We tell each other stories to keep each other wise, to warn each other, to teach each other. If you find yourself in the woods, don't just go into a strange house. Don't go into a stranger's house - that's Goldilock's lesson. The bears teach - lock your doors. Someone will steal your children away, but if we tell them enough stories, maybe, just maybe, they can learn without having to experience - but always, even the teller in this poem admits, children have to. Maybe a fairy tale can save a life, so they don't get in that car with the stranger, they don't go into that house, but even with that comes experience. Having to say no is an experience. The world is a big forest, and always, eventually, innocence is lost. So Gaiman treasures his little daughter's "cows", and "big house", and "again, again again," because one day "her mouth will curl at that line" and she will for a time, outgrow fairy tales (or so she thinks) and sleep unwisely instead.

I love the play between father and daughter, how Gaiman has caught the enthusiasm and joy of sharing in books - in stories - between parent and child, of the delight of being safe together while someone else faces the danger. You can never read enough with your kids, you can never tell them enough stories, because one day they won't need you tell them anymore, and they will have to make their own way through the woods with only our stories to guide them.

So, do you have a favourite poem or poet? Let's celebrate our poets who still work with this, the oldest tradition of all. And please, link to Kate's Blog, to join up, and let me know too what poem you are picking, or poet.

Now I'm going to go out for my walk near the woods (no bears there!), and see what birds are here, and enjoy the warm April sunshine. After snow and rain yesterday, it's beautiful here today!

things I have learned......

Things I have learned this week, this month, and this past 6 months of blogging:

- I went to Carl's site tonight and found not one, but two posts on faerie: Neil Gaiman (and the first photo made my heart stop, it is so breathtaking of Neil), and Brian Froud, and the links between them. I just watched Labyrinth (Brian Froud was the designer)last summer, for the first time in 20 years, and I enjoyed it, surprisingly so. and the poster that Carl was giving away, "Instructions" by Neil Gaiman, illustrated by Brian Froud, is one i am too late to put my name in the draw for (since the draw was yesterday!), but I want that too - the poem is instructions for entering the dark wood of fairytales, and it is beautiful and wondrous and magical, and found in "Fragile Things", Neil's latest short story collection that I am in the process of reading. I had read the poem recently and fell in love with it, and now I know it's a poster....my birthday list is growing! Please check out Carl's two posts, they each are incredible. What I learned - other than the same synchronicity Carl was talking about, at work in my life! - was that there is a whole group of us who love fairy tales and fantasy books, which are my main love. I am not alone!! I know people read fantasy in Ottawa (we've held conventions over the years, and had two specialty bookstores for science fiction, both gone now), but not so many people talk about it, and that is what I have been missing.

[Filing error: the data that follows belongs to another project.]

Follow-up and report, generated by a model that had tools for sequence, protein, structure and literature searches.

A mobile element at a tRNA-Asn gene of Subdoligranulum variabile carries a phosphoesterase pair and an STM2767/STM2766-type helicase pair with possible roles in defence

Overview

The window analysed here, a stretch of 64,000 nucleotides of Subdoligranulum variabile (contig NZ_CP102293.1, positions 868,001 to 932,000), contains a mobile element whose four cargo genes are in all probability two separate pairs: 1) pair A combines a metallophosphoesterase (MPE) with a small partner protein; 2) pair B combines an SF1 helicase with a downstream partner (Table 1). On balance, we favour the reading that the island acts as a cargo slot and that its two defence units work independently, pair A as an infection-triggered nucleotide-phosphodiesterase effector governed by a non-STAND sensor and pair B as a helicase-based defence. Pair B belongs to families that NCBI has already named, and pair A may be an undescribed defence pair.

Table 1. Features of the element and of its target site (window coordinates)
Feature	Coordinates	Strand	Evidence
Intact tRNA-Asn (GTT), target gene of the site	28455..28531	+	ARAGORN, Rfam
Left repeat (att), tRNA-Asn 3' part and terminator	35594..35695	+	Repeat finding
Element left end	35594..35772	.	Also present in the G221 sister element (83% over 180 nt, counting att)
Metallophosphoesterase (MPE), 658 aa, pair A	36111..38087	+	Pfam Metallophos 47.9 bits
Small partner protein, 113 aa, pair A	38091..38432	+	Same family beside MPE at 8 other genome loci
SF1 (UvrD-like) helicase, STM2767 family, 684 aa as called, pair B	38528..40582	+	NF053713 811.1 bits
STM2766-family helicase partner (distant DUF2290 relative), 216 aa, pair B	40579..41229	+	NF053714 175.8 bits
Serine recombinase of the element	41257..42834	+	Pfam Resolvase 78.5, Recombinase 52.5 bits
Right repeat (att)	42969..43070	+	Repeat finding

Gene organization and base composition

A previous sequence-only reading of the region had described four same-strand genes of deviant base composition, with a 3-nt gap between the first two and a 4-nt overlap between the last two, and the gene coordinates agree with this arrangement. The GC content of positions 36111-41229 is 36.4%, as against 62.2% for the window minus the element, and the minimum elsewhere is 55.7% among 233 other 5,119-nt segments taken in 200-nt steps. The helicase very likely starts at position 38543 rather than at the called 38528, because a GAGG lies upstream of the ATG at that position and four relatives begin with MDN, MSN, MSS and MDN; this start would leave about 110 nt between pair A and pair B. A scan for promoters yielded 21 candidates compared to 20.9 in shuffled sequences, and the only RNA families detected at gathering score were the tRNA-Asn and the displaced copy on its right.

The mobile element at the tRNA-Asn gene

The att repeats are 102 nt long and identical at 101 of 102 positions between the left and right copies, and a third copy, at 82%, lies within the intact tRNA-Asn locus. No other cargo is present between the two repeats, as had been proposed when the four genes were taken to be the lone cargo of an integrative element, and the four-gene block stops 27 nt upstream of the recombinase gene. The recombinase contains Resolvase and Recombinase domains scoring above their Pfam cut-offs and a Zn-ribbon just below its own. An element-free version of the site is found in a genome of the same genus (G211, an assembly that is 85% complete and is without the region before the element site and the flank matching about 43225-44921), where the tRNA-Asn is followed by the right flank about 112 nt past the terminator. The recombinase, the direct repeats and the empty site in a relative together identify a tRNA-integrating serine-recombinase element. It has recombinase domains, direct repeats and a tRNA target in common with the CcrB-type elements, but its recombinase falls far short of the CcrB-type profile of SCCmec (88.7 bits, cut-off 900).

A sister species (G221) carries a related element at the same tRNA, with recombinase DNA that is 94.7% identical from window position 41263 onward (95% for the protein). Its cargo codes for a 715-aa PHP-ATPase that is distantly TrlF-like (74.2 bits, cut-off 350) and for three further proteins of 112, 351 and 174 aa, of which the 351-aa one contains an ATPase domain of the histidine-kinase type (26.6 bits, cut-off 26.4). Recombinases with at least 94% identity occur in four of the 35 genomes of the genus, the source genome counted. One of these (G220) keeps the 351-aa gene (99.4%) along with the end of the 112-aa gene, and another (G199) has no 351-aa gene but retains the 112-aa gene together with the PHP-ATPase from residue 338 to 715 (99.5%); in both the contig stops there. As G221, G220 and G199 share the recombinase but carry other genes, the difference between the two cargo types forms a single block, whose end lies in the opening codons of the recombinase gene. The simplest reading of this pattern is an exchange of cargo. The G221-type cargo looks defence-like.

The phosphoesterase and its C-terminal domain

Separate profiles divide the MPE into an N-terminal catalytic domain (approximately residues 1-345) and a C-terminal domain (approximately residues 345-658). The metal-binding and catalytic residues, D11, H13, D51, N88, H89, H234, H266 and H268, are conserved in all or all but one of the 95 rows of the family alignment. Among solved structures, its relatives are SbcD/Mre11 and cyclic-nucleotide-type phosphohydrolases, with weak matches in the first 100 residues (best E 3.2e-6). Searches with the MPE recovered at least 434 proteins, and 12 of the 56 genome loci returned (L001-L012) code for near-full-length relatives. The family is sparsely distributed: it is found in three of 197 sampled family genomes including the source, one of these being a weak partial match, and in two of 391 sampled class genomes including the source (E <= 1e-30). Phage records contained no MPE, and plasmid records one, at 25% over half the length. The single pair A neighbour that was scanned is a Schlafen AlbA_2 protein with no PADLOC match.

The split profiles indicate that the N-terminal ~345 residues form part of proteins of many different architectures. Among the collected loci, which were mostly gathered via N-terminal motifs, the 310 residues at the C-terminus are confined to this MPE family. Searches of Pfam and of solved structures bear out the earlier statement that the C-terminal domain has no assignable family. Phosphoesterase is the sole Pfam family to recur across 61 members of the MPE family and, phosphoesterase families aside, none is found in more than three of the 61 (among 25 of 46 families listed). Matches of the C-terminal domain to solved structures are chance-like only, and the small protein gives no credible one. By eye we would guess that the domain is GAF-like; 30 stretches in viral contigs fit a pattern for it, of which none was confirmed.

- I have discovered that we love books, and talking about them, sharing our thoughts, reactions, joys and disappointments. In amongst the books, we talk about our lives, too, and it's like a glimpse of one another through starlight - here's a star in Minneapolis, there's another in Germany, another in South Korea, several in Canada, oh another in England and still another in Ireland - oh look, France has joined....Australia....many many more the world over - so many in the US- I know this is what the Internet is, but this is wondrous, that we all can connect over our love of books. It's like how long-distance letter writing used to be (and I remember those days!), only this is more immediate, and this has its good sides (we get immediate comments on our ideas and thoughts, and cheered up and find amazing books!) and its bad side (those of us who write books end up blogging more instead of creatively writing!! and spouses come wandering over to see where we disappeared to...). I'm still in my baby steps, and i have to admit that it is a thrill to check my blog every night when I come home from work and see who has dropped by.

- BAFAB week - all the giveaways and contests. I don't care if I won or not. This is my first year blogging, and my very first witnessing to the incredible sharing of books in the book blogging world. What a wonderful idea, and it's amazing and fun to see how generous we are with our books. It's like saying "here, read this!" over and over! I had no idea when I started my blog that this book blogging community even existed, and I am thrilled to be part of it. Next BAFAB, I will be ready!